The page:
Oaxaca Mexican Grill Is Only Another Burrito Joint, But Not a Bad One


Funny, this place doesn’t remind me much of my Mexican vacation, he thinks as he stops and peers in the restaurant window.

Los Angeles has lots of Oaxacan food. New York has no Oaxacan food. Which is why I was excited to hear a new restaurant was opening northeast of Grand Central called Oaxaca Mexican Grill.

Even when I learned that it was merely a burrito joint, I still held out hope that there’d be something Oaxacan about the menu. The bitter news is that there’s zero Oaxacan about the menu, which makes it another epic case of cultural chutzpah, pilfering the name of Mexico’s most flavorful state. It’s culinary doublethink, or maybe I mean bait-and-switch.

The good news is that the burritos are ample and well-furnished, with a greater variety of choices in fillings, no extra charge for guacamole, and an availablitiy of burritos in two sizes, with two sorts of flour tortilla offered per size. The small burrito is more than enough for a sane person.

The place glimmers with stainless steel, and the t-shirted attendants are so excited they seem about to jump over the counter. Is Oaxaca trying to compete with Chipotle? The concept is nearly the same, with a few salads and tacos added to fill out a menu that is burrito-centric in the extreme.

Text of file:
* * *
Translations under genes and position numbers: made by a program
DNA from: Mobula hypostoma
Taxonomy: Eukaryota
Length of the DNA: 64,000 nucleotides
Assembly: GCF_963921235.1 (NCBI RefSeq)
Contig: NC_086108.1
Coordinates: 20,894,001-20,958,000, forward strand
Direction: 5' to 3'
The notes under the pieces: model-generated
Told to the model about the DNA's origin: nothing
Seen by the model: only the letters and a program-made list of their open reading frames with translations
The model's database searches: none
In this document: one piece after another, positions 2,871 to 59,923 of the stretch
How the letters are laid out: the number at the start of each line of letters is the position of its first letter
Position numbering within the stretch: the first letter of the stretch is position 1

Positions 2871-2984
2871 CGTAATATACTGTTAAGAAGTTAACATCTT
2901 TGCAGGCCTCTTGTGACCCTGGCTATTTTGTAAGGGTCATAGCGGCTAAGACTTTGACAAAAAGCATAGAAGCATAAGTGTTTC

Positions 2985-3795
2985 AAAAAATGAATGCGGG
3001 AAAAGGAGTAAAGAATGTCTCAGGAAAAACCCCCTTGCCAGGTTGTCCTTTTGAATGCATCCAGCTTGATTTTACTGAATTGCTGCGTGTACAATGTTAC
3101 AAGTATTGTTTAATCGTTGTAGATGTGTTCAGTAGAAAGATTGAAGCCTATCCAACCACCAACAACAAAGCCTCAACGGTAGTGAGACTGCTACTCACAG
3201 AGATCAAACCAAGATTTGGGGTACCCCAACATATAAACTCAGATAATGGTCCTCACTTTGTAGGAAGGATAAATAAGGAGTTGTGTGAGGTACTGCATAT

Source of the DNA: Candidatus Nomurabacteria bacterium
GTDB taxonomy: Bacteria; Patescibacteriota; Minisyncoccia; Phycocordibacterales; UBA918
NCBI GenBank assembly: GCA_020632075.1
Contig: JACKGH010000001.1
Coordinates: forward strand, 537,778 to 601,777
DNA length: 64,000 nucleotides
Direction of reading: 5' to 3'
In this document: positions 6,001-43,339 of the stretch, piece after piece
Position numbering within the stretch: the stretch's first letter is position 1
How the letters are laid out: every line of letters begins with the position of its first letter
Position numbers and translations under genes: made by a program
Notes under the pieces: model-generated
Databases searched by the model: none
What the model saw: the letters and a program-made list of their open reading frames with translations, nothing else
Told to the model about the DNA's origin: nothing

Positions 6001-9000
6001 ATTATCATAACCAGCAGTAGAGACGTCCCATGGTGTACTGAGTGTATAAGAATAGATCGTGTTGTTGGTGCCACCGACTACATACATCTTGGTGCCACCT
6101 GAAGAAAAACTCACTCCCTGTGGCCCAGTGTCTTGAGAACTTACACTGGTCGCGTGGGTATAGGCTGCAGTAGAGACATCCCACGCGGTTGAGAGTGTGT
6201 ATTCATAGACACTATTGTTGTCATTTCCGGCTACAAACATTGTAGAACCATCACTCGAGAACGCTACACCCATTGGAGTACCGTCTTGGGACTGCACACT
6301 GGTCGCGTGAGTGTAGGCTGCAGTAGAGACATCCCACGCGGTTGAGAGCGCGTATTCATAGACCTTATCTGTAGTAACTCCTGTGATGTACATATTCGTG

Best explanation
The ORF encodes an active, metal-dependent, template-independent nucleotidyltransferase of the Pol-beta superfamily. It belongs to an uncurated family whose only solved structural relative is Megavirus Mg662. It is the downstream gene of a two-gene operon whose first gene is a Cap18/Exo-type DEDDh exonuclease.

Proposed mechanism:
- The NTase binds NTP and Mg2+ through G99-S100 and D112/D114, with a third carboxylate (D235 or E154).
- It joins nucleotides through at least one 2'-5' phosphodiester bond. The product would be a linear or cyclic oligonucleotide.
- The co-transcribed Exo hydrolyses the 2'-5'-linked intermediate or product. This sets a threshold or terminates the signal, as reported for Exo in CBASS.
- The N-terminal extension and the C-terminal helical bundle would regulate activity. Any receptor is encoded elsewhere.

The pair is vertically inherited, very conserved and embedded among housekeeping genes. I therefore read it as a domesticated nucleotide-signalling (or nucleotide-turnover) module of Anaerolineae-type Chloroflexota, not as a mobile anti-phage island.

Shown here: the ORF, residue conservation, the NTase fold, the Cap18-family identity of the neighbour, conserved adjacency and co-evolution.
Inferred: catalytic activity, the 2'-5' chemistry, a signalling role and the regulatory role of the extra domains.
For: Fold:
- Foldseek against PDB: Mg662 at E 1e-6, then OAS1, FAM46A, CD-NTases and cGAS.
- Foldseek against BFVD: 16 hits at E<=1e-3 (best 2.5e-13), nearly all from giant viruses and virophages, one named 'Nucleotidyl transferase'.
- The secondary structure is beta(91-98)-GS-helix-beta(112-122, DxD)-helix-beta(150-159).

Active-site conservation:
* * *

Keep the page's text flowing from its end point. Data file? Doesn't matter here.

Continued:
Mini burrito on the left, regular burrito on the right.

I got a “mini” burrito made with a 10-inch flour tortilla and featuring “shredded beef brisket” along with black beans and white rice ($6.43), and a regular burrito with a whole-wheat wrapper, stuffed with pulled pork and featuring brown rice and red beans ($7.81). Yes, the price for either a mini or a regular burrito is almost the same. The two fillings I selected were virtually indistinguishable. (Would it have hurt them to have cooked the fillings with some authentic spice combinations from Oaxaca?)

Five sauces are offered, including two (“habanero pepper” and “tomatillo-red chili”) which were actually quite hot. Plaudits to Oaxaca (and the real Oaxaca) in this regard.

Funny how the burrito fad won’t die. 245 Park Avenue (entrance on 47th Street), 212-818-9500

The same burritos burst open to reveal their beguiling insides.


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